Business Times: Fri, Jun 01
FRAGRANCE Group has been on a property buying spree in the past two months having picked up four development sites for a total of over $700 million: a 60-year leasehold industrial plot next to Aljunied MRT Station at a state tender; Tower 15 at Hoe Chiang Road, a 29-storey commercial tower that houses offices and Klapsons The Boutique Hotel; KeyPoint along Beach Road (in a 50:50 tie-up with Aspial Corporation's property unit World Class Land); and, just last week, Novena Ville.
This is an impressive flurry of activity, but you'd have to wonder - has the group bitten off more than it can chew, or could it pay off handsomely? Judging by the performance of its shares, some investors think the latter is possible - between October last year and April this year, its shares doubled from 26 cents to an all-time high of 52 cents. They then slid to 39 cents in early May following the stockmarket rout triggered worldwide by Greece's financial woes. Fragrance's shares have since recovered to 46.5 cents yesterday. Those who have been buying the firm's shares have every reason to be optimistic.
First, Fragrance is flush with cash following the restructuring of its economy-tier hotel business, which was floated under Global Premium Hotels (GPH) on April 26. It sold its portfolio of 22 Singapore hotels to GPH for $558 million, receiving the bulk of the payment amounting to $420.5 million in cash (comprising $74.8 million raised by GPH from its IPO proceeds and $345.7 million from debt and/or internally generated funds of GPH) and the balance $137.5 million by the issue of 549.99 million shares in GPH to Fragrance at 25 cents apiece. Fragrance now holds a stake of 52-odd per cent in GPH following an exercise of the over-allotment option.
A back-of-the-envelope calculation shows that the $420.5 million cash payment for the sale of the hotel portfolio, added to the group's $97.5 million cash and cash equivalents as at March 31, 2012, means Fragrance has a cash hoard of about $518 million.
Second, assuming the group has to pump in, say, a further $300-400 million to develop the four recently-acquired properties, the all-in development cost could amount to about $1-1.1 billion. With about $500 million in its kitty, the group should be able to fund the balance through debt and/or proceeds from the sale of units in the new development projects on three of the four sites. The industrial project on the Aljunied plot cannot be strata subdivided in the first 10 years after completion under government conditions stipulated for the site.
Much of course, depends on how much profit Fragrance can generate from the sites. For Tower 15, Fragrance has paid $360 million, or $1,420 per square foot per plot ratio (psf ppr) based on the 29-storey commercial building's existing gross floor area of 253,455 sq ft. On this basis, no development charge is payable. Some analysts say that appears pricey compared with $1,280 psf ppr and $1,270 psf ppr respectively that Oxley paid in second-half 2010 for two freehold properties along Robinson Road - Corporate Building (which is being redeveloped into Robinson Square) and Corporate Office (which is making way for Oxley Tower).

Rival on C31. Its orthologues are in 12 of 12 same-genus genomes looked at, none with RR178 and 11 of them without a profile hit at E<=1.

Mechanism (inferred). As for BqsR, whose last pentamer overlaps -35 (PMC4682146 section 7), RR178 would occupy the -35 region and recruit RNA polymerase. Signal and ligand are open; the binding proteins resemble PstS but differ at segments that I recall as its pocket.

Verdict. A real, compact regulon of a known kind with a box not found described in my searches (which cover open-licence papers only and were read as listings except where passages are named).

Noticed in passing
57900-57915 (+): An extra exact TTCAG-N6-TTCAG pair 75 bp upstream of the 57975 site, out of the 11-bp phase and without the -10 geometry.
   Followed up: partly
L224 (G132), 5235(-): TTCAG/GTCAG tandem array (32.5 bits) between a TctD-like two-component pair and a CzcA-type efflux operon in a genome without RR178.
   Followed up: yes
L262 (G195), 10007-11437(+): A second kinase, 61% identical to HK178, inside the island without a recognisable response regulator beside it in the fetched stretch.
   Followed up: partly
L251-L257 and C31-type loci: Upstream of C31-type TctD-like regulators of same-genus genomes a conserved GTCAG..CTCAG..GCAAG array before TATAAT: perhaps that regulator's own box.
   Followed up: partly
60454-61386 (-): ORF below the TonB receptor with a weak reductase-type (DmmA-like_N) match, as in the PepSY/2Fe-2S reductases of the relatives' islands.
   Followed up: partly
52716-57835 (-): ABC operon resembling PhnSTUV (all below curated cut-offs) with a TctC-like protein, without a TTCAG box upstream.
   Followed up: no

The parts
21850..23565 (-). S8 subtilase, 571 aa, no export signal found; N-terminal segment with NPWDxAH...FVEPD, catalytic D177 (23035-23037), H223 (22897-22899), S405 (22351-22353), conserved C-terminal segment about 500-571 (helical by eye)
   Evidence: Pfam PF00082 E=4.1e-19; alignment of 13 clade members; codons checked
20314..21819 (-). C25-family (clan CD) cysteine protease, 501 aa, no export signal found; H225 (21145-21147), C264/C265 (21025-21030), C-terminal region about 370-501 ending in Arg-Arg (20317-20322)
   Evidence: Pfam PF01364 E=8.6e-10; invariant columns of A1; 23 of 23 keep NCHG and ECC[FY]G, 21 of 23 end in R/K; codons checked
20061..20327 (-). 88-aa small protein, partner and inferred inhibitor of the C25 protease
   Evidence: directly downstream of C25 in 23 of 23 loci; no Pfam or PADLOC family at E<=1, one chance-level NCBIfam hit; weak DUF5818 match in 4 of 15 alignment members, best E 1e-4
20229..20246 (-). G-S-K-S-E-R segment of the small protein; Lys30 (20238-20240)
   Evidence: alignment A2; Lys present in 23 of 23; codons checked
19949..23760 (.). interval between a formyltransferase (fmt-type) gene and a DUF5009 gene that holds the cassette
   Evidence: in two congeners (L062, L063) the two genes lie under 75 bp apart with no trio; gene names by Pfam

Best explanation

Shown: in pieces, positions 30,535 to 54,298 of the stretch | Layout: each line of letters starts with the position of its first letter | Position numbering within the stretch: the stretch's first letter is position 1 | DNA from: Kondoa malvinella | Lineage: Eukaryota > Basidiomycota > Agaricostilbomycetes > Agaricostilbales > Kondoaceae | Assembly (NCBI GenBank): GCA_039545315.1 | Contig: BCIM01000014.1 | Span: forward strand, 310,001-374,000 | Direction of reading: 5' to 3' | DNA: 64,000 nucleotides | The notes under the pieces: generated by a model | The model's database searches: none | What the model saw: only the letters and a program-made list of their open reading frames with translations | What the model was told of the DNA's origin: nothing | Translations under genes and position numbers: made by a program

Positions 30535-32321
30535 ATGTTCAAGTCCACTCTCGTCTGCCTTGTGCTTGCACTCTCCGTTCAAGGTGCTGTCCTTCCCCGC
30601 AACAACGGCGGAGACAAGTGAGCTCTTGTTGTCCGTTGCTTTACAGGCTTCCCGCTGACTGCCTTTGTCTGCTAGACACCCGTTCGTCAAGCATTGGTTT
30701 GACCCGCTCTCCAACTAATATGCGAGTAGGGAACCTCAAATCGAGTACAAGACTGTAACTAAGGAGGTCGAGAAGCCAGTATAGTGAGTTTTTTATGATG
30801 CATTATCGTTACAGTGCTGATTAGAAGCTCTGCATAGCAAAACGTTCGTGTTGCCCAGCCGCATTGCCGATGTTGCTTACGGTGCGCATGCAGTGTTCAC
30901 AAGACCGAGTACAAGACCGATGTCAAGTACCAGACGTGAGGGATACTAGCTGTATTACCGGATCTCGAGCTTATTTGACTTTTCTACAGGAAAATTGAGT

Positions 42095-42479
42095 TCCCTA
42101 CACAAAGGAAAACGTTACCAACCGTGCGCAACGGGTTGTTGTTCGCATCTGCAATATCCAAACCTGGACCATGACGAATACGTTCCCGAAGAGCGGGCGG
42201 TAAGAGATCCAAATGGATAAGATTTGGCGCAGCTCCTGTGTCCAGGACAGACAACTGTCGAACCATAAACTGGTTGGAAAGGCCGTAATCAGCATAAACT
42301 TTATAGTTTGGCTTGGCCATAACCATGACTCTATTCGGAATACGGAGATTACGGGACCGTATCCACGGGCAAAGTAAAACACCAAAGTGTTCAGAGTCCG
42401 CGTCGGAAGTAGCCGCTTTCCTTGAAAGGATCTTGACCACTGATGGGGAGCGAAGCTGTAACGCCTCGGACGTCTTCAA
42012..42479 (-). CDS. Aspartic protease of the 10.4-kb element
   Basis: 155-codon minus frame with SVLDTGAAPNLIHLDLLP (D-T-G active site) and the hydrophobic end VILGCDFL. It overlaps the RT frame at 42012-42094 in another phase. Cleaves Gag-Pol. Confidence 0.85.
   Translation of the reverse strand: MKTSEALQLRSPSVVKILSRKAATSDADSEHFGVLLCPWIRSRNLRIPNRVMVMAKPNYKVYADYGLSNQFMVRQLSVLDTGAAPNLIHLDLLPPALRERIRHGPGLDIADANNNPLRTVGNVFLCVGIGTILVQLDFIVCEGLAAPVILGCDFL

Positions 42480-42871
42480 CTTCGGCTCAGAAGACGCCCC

But then one could argue some appreciation in land values may be in order given that strata office and shop units have been selling like hot cakes - fuelled by strong demand from investors switching from the residential property sector and the equity market.
At Oxley Tower, which was launched earlier this year, the average price achieved so far for office units is $3,060 psf and retail/cafe units, $4,912 psf.
Fragrance could succeed in squeezing additional cashflow from Tower 15. Even as existing leases in the building - bounded by Hoe Chiang, Cantonment and Lim Teck Kim roads - continue to run over the next two years, Fragrance is working hard to get necessary approvals to launch units in the proposed redevelopment on the site possibly as early as year's end. In other words, it is eyeing a dual stream of cashflow initially from the asset - rental income from existing (mostly office) leases in the building as well as initial progress payment from buyers of units in the proposed redevelopment.
Fragrance has said it is exploring whether to do a residential, shop and office development, or a scheme with just shops and offices. For both schemes, it will enjoy cashflow in the form of progressive payment from buyers in accordance with the stages of the project's completion, though it can progressively recognise sales and profit only if it includes residential units in its development scheme.
For a pure commercial development, sales and profit on units sold can be booked only when the project is completed, under accounting rules. Much the same storyline could apply to KeyPoint and Novena Ville.
All-in, the group is boosting its exposure to other segments of the property market through mixed-development projects, which should appeal to stockmarket investors who may be concerned about being overexposed to the Singapore residential sector. In addition, through a majority stake in Global Premium Hotels, Fragrance continues to offer exposure to Singapore's buoyant hotel business.
The group could just shape up to be a stockmarket favourite - once equity market sentiment improves, of course...
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Martin Koh/ Sherry Tang
Martin Koh/ Sherry Tang